A civic building by Bolles and Wilson in the Dutch city of Haarlem retains architectural memory and unites history, defying the linear sweep of progress.
My first view of Bolles and Wilson’s new Haarlem city hall and cinema centre – known as Haarlem Raakspoort – is the clock tower. Comprising three minimal faces embedded into a protruding brick fin, it is a reassuring urban instrument, simultaneously declaring “this is a civic building” while also usefully announcing the time. And yet, despite its presence, I still instinctively check the clock on my phone to see if I’m on schedule for my tour with Peter Wilson. Whether this impulse is simply a nervous tick, or a deeper distrust of public clocks (which always seem to be wrong), it raises some doubt as to the relevance of such public symbols today. But this particular clock is more than a symbol – it forms part of the building’s elaborately layered game of time.
I am early and so take the opportunity to do a brief tour of my own. Built as part of a masterplan by Kraaijvanger Urbis, the city hall and cinema have a greater presence than the accompanying buildings and spaces. Located on the edge of Haarlem’s historic centre, an edge once defended by a city wall in the Middle Ages, the building references this history by also forming an urban wall of sorts, modulating between the scale of the adjacent buildings, and pressing out against the street. But unlike a defensive wall, this block is porous, its surface defined by clusters of windows held together by patches of flattened brick with lighter mortar among the stepped courses. These patches give the windows the impression of having been inserted into an existing wall, adding an artificial layer of history to this new building and disrupting the continuity of time.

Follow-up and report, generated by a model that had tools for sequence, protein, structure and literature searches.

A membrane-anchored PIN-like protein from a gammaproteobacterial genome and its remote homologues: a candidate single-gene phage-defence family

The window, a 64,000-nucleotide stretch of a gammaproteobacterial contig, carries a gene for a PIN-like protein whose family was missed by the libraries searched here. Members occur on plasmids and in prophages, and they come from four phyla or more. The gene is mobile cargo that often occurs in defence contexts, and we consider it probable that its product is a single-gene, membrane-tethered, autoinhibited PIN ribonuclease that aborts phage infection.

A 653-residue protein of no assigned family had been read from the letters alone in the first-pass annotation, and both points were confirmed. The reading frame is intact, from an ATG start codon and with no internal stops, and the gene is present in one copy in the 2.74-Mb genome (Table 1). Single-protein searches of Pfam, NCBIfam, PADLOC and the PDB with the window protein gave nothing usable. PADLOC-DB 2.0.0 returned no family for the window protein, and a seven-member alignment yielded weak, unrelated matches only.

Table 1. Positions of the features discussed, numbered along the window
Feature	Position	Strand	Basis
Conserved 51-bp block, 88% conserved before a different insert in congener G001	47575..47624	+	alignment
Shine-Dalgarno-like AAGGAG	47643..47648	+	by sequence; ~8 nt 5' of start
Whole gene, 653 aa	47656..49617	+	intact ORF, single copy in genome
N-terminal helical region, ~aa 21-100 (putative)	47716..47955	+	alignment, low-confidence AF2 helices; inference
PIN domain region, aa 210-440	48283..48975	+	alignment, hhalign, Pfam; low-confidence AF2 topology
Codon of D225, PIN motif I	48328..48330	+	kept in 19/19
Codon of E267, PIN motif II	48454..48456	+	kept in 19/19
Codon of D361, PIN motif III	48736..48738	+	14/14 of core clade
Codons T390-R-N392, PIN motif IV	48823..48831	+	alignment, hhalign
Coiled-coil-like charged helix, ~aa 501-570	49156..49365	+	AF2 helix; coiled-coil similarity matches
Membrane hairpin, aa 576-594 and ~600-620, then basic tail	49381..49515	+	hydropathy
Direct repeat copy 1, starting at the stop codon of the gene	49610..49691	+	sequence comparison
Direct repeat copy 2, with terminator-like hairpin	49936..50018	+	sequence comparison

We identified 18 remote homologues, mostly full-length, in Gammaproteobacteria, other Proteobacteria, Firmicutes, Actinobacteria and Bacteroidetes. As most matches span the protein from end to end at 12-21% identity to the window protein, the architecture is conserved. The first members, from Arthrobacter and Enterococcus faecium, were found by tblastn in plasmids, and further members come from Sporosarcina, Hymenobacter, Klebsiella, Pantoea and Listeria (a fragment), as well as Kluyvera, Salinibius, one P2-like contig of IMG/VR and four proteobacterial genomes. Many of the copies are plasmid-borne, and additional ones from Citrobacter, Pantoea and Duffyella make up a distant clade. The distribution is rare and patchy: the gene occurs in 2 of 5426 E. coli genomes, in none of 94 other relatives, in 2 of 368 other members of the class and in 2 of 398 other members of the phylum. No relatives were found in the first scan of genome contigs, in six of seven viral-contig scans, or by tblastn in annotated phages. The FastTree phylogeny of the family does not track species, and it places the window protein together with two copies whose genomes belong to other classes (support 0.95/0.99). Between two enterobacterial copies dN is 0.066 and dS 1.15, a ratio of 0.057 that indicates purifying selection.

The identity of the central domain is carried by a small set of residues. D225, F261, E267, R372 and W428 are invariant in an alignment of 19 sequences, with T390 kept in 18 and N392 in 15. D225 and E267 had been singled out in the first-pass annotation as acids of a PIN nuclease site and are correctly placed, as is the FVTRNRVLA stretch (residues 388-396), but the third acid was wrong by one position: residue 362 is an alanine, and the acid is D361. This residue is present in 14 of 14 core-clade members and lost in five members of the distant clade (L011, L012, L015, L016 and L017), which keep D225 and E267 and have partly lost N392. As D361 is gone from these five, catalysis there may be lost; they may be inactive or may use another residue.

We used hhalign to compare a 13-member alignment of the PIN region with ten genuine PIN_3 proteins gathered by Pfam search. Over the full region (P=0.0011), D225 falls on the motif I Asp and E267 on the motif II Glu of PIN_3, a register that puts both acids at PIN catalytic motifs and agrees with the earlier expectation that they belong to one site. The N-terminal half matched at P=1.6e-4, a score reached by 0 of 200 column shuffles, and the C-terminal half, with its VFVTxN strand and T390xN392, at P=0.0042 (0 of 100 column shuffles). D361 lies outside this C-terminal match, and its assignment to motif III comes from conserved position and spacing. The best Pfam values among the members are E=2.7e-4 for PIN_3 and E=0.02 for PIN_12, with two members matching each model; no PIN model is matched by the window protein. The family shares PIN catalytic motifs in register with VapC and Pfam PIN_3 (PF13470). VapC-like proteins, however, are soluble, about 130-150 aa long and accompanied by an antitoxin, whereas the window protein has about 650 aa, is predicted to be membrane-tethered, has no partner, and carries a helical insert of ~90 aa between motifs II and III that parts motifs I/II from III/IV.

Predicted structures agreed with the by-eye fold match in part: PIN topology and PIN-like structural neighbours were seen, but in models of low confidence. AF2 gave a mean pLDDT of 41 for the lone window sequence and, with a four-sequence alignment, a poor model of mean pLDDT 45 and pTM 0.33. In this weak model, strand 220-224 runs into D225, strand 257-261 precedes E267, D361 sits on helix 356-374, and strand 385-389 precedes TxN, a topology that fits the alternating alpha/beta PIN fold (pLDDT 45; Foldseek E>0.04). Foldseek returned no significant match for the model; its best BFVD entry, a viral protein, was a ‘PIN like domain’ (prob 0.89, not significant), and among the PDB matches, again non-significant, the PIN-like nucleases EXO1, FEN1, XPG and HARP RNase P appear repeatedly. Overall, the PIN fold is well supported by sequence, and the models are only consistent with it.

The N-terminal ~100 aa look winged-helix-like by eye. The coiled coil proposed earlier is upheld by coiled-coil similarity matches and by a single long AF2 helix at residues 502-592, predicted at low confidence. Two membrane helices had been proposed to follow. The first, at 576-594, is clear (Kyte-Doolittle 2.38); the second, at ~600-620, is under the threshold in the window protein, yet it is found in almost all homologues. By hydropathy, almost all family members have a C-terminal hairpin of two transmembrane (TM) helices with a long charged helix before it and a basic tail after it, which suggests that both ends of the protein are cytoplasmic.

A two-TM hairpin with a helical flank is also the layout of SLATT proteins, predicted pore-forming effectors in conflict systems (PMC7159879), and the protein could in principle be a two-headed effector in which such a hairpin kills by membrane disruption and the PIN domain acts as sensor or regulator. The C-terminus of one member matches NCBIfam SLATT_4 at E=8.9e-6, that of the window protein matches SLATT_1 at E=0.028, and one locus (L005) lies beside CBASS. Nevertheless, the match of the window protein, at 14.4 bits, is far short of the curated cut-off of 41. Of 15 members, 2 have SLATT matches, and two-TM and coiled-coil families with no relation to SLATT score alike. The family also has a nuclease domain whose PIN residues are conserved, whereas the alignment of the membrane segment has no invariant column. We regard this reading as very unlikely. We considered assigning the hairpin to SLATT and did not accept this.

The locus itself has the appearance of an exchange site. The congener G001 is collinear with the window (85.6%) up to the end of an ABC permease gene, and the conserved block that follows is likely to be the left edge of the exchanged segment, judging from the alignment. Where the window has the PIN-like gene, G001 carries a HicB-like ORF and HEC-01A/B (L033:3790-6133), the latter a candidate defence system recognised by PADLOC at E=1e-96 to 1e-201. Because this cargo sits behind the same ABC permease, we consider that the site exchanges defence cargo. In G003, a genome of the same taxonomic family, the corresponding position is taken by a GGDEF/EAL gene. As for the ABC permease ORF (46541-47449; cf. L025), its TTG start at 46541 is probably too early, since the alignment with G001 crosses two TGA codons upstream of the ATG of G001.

Wilson’s office has sent me an annotated plan of the building, indicating to meet him in a passage that bisects the block that connects the main street along the river to a small-scale shopping street and public square beyond. He arrives, dressed discreetly in black, with a silver goatee and thick-rimmed glasses: a picture of an urbane and sophisticated European architect, but with an Australian inflection. Hailing from Melbourne, Wilson studied at the University of Melbourne before heading to London’s Architectural Association in the early 1970s. “That was my year out,” he tells me, “and I’m still here forty years later.” After briefly practising in London with his partner Julia Bolles-Wilson, he and Bolles-Wilson relocated to the latter’s hometown of Münster, Germany, after winning the competition to design the city’s central library in 1987. The pair continues to practise out of Münster, a city that Wilson stresses is “very boring, but a great place to put your head down and work, while remaining in the centre of the network of cities and cultures of continental Europe.”
Münster is only an hour’s drive from the Dutch border, and Bolles and Wilson has a substantial body of work in the Netherlands, most notably its Luxor Theatre and Bridgewatchers House in Rotterdam and, more recently, the central library of Helmond. Of course, this success is not simply due to geography, but to the generous civility the firm brings to public buildings; never ostentatious, but dignified and elegant backdrops to urban life.
This restrained dignity could be said to be one well suited to Dutch culture. At the high point of its power and wealth during the Dutch Golden Age of the seventeenth century, the Netherlands faced a particular moral conflict, identified by historian Simon Schama in his book of the same name as “the embarrassment of riches.” In this fervent Calvinist society, the accumulation of wealth would become a source of unease, as it clashed with the teachings of “austerity.” Or, as the pastors of the day would warn, “the more lavish the feast, the more imminent the writing on the wall.”